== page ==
Sunday, March 13, 2011

Walnut Rum-Raisin Cake

So this past week, Maida and I had a conversation. It went something like this:

"Maria! You need to bake something!'
"I don't know, Maida. It seems like overkill. We still have some fruit bars and zwieback lying around."
"But Maria, you have the day off and a pound of butter in the fridge! You should really bake something!"
"Yeah, but it's just going to sit around. I don't have anyone to give anything away to, and Julia is giving up sweets for Lent."
"All the more reason to bake today, Mardi Gras! You should make Walnut Rum-Raisin Cake. It is moist, keeps well, is easy to make, and especially delicious."
"'s true that I have nothing to do today. And that recipe does look good. If it keeps well, we can maybe get through a half recipe..."

Strangely enough, I had all the necessary ingredients right there. Bit of trivia: I read or heard somewhere that Hemmingway's favorite drink in Paris was Rhum St. James. I just bought it because it was cheap. Come to think of it, that's probably why he did as well.

Half a recipe is perfect for a loaf pan; the whole recipe would have been a Bundt.

As Maida promised, this was really easy to make--it's just a standard butter cake with a lot of additions.

And there it is, golden brown and delicious, soaked in rum syrup.

Funny story--this cake was gone within 48 hours. I swear it wasn't me! I think it was all Sami ate for two days. He called it the "rum-soaked deliciousness". Even Claire the Raisin Hater didn't mind it. Maida was right. Once again.

Therefore I'm giving you the original recipe for the full Bundt pan. Even if you think you won't eat it, you probably will. And after all, it keeps well.

Walnut Rum-Raisin Cake

1 c. (5 oz.) raisins (use a mix of dark and golden if you have them)
1/3 c. (2.7 oz.) dark rum
2-1/4 c. (8.5 oz.) walnuts (Maida says this is also good with almonds, if you prefer)
1 cup (8 oz.) butter, room temperature
2 t. baking powder
1 t. baking soda
1/4 t. salt
1/4 t. nutmeg
finely grated rind of 2 (organic) lemons
finely grated rind of 2 (organic) oranges
1 t. vanilla
1 c. (7 oz.) sugar
2 large eggs
2-1/2 c. (10 oz.) flour (I used some whole wheat, as usual)
1 c. (8 oz.) buttermilk (or plain yogurt thinned with some milk)

If you're good at planning ahead, put the raisins and rum in a jar and let sit overnight, giving it a shake whenever you think about it. If you're like me, put them in a microwave-safe dish and zap for about 30 seconds, or until steamy. Let sit for an hour or so.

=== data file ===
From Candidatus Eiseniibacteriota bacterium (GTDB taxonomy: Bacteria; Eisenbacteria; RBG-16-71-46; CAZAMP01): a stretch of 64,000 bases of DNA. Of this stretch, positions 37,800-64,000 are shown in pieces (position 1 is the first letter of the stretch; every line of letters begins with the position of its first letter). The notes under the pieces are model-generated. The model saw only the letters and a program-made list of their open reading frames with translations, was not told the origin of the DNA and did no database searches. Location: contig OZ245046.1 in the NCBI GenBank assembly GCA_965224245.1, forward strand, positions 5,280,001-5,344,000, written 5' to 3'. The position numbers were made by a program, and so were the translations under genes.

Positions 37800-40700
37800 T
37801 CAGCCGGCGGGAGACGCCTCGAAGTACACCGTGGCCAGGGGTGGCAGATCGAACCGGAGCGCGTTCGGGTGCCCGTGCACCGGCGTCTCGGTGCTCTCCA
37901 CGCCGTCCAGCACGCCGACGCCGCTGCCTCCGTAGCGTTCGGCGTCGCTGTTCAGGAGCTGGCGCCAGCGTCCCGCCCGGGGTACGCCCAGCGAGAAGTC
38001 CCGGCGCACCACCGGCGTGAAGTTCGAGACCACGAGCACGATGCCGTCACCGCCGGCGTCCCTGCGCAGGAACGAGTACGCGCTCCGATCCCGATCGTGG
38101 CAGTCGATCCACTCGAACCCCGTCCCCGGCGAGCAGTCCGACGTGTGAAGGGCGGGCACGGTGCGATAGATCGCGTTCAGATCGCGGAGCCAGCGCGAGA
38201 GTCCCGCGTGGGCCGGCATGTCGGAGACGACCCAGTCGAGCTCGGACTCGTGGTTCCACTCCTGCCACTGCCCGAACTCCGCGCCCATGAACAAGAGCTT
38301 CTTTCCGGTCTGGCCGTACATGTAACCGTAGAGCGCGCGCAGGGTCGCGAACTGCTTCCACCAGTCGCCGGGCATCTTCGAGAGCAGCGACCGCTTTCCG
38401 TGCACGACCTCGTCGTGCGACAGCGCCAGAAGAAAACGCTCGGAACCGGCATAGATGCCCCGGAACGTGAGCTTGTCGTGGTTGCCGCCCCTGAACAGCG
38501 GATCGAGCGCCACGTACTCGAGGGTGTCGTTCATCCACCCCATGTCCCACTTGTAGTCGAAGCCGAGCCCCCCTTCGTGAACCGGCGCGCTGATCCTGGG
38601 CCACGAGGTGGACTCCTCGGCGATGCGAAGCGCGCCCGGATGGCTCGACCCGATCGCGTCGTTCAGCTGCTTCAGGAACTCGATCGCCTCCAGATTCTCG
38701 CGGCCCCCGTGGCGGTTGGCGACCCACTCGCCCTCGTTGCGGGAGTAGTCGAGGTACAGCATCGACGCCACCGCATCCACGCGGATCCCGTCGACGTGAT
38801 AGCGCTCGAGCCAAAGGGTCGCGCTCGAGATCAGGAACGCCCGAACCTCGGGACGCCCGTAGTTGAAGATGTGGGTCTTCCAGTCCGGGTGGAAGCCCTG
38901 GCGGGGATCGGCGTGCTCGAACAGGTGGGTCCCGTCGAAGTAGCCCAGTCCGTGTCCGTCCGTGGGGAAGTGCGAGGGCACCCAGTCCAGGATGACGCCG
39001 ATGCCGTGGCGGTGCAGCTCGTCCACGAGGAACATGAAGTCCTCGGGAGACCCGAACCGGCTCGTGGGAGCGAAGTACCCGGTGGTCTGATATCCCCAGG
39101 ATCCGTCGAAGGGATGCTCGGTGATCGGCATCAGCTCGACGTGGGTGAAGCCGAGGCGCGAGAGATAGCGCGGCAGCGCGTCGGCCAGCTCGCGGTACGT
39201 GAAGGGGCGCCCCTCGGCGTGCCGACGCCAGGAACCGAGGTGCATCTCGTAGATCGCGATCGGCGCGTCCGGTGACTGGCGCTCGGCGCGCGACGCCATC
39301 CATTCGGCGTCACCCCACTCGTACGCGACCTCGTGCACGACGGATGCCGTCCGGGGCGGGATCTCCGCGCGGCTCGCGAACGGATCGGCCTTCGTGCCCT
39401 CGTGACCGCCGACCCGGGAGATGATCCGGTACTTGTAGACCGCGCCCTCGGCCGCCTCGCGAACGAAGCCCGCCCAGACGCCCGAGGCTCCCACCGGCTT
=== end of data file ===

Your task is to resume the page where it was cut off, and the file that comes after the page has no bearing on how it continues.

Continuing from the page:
Preheat the oven to 350.
Put about 3/4 cup or about 1.5 oz. walnuts in your food processor and process until quite fine. Butter a Bundt or other fancy tube pan heavily and coat as best you can with the walnuts. Any leftover walnuts can stay at the bottom of the pan. Chop the remaining walnuts into medium-sized pieces--6 to 8 pulses in the food processor.
In the large bowl of an electric mixer, cream the butter with the baking powder, baking soda, salt, orange and lemon rinds, and vanilla until light and fluffy--a minute or two. Gradually add the sugar and beat for another minute or two. Then add the eggs one at a time, beating well after each. At low speed mix in the flour in three additions, alternating with the buttermilk in two additions. Take the bowl from the mixer and add the rum-raisins (don't drink that rum--put it in the cake batter!) and the walnuts. Pour into the prepared pan. Bake for 55-60 minutes or until a cake tester inserted gently comes out clean. Let cool in the pan for about 10 minutes. While the cake is cooling, make the rum syrup:

1/2 c. (3.5 oz.) sugar
1/4 c. (2 oz.) water
1/4 c. (2 oz.) orange juice
3 T. (1.5 oz.) lemon or lime juice
1/4 c. (2 oz.) dark rum

In a small saucepan over moderate heat, stir together the sugar and water. Bring to a boil and let boil without stirring for 2 minutes. Take off the heat. (By the way, you've just made simple syrup, the basis of many a cocktail. Actually, come to think of it, this rum syrup over ice would make a lovely cocktail...) Add the orange juice, lemon juice, and rum.
Unmold the cake onto a cake platter and then brush it with the syrup. It's a lot of syrup, but the cake will eventually end up soaking it all in. I got impatient and just carefully poured on the syrup, and that seemed to work well. Let cool and enjoy the rum-soaked deliciousness.

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